At the RCGP conference in Harrogate, October 2013, you asked GPs to judge you on your actions and not your words. Putting aside the rise in workload, drop in income in real terms, drastic fall in junior doctors applying for GP training and introduction of schemes without evidence of effectiveness, we would like to point out that your words have already had devastating consequences and have been twisted and amplified by certain sections of the press.

GPs need to be supported, not bullied; they are doing an excellent job – politicians and some journalists need to stop attacking them. We look forward to clarity in this matter.

Yours sincerely,
Resilient General Practice

Samir Dawlatly
John Cosgrove
Siobhan Stapleton
Rachel Blackman
Lesley Long
Freda Bhatti
Michelle Sinclair
Toby Helliwell
Milan Mehta
Juhi Saltzstein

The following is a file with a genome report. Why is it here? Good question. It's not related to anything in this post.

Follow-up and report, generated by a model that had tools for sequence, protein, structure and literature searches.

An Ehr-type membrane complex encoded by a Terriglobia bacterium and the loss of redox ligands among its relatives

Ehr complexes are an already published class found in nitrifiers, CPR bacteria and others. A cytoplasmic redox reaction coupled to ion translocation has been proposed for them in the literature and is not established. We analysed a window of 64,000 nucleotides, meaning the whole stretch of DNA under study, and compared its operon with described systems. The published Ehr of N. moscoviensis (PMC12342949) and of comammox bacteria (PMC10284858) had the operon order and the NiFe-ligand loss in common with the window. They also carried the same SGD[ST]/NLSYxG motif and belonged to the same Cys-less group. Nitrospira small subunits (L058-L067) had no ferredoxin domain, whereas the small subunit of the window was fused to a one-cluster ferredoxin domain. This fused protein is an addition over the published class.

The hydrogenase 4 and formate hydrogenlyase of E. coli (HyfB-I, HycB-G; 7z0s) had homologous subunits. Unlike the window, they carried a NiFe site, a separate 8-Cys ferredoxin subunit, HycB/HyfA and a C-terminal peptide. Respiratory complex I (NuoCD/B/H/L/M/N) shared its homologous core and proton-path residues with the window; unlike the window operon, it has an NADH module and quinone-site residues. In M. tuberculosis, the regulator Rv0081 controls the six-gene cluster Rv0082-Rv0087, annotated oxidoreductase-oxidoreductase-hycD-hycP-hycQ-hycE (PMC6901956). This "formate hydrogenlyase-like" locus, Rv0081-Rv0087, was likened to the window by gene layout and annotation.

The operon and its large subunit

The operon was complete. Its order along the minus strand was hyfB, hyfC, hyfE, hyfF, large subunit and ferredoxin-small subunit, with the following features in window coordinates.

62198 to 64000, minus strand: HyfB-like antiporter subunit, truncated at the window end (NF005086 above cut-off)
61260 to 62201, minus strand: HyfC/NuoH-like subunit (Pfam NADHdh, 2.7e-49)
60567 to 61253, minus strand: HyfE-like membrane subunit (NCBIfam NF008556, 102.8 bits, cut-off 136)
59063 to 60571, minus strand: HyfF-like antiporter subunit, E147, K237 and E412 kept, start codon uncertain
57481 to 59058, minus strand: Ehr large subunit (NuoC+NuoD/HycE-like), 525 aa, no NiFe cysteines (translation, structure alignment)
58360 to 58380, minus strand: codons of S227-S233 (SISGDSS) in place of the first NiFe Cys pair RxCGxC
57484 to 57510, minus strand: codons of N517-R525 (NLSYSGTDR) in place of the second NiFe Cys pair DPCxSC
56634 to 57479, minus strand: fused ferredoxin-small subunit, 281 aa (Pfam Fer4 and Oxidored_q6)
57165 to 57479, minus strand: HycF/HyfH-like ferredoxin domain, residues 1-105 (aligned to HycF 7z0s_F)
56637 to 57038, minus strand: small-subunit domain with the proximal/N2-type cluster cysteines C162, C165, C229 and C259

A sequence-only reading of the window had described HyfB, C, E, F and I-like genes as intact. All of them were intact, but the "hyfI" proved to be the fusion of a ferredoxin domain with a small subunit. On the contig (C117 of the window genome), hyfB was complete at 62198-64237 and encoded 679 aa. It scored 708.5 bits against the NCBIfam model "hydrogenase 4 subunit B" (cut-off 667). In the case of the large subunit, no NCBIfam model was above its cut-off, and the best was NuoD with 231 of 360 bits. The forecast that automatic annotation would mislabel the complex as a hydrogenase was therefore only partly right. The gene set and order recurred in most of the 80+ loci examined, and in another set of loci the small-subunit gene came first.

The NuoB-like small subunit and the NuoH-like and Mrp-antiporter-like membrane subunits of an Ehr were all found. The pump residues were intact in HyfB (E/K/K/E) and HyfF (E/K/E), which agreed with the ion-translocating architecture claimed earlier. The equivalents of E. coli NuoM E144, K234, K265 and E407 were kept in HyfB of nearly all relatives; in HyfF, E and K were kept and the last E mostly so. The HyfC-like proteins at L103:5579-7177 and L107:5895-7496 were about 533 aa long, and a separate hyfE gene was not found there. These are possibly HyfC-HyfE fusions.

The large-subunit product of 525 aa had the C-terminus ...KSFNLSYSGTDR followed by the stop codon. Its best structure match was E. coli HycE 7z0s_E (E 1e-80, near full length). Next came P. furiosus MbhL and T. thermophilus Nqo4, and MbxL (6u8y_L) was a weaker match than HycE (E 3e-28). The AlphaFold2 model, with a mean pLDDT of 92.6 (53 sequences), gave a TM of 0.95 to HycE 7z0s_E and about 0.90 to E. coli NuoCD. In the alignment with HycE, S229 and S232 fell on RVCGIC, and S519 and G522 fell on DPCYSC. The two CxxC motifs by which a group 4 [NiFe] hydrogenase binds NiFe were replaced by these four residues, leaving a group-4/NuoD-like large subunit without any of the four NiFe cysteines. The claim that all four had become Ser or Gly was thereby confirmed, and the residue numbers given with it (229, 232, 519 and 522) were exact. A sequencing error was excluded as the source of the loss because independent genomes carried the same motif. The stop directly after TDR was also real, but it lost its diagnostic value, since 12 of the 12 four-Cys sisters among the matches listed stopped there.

Michael Simmons
Afsheen Tanveer
Melvin Xavier
Andy Shum
Amy small
Rhianna McClymont
Manzur Haque
Gregory Tyson
Hussain Gandhi
Anjana Mahadevan
Emily Leadbeater
Nadia Sohail
Mairéad McMahon
Yasasthrie Athapattu
Aditya Narkar
Katie Bramall-Stainer
Olayemi Kekere-Ekun Olubajo
Sam D’Lattlee
Lorna Macgregor
Sophie Galloway
Mamta Suresh
Surangi Mendis
Upeka Ranasinghe
Deborah Webb
Rachael Morris
Kailash Chand Malhotra
Val Hudson
Sue Wallis
Suneel Saini
Natalia Lomatschinsky
Matt Varrier
Jeff Foster
Gemma Greenacre
Helen Walker
Kosala  Perera
Mohammed Salim
Charlie Moody
Alan Woodall
Louise Whereat
Arjuna Singanayagam
Danielle Rahman
O Adedayo
Ngawang Sherpa
Joy Godding
Alistair Jones
Iram Rizvi
Desiree Dr Bergmann
Nicola Ashley
Shalini Urs
Liza Osagie
Alexis Park ✯
William Gordon-Wright
Thirza Deboo
Kulsum Ansari
Naomi Taylor
VIj Kud
Sarah Akram
Evon Leung
Marwa Hilmi
Seimone Potter
Chris Reid
David McLees
Koustubh Gupte
Hemali Parekh
Charley-Vic Walshe
Zafar Ullah
Helen Phillips
Ruchika Gupta
Magdalena Kostka
Carmel Malone
Beth McCarron-Nash
Ruth Moloney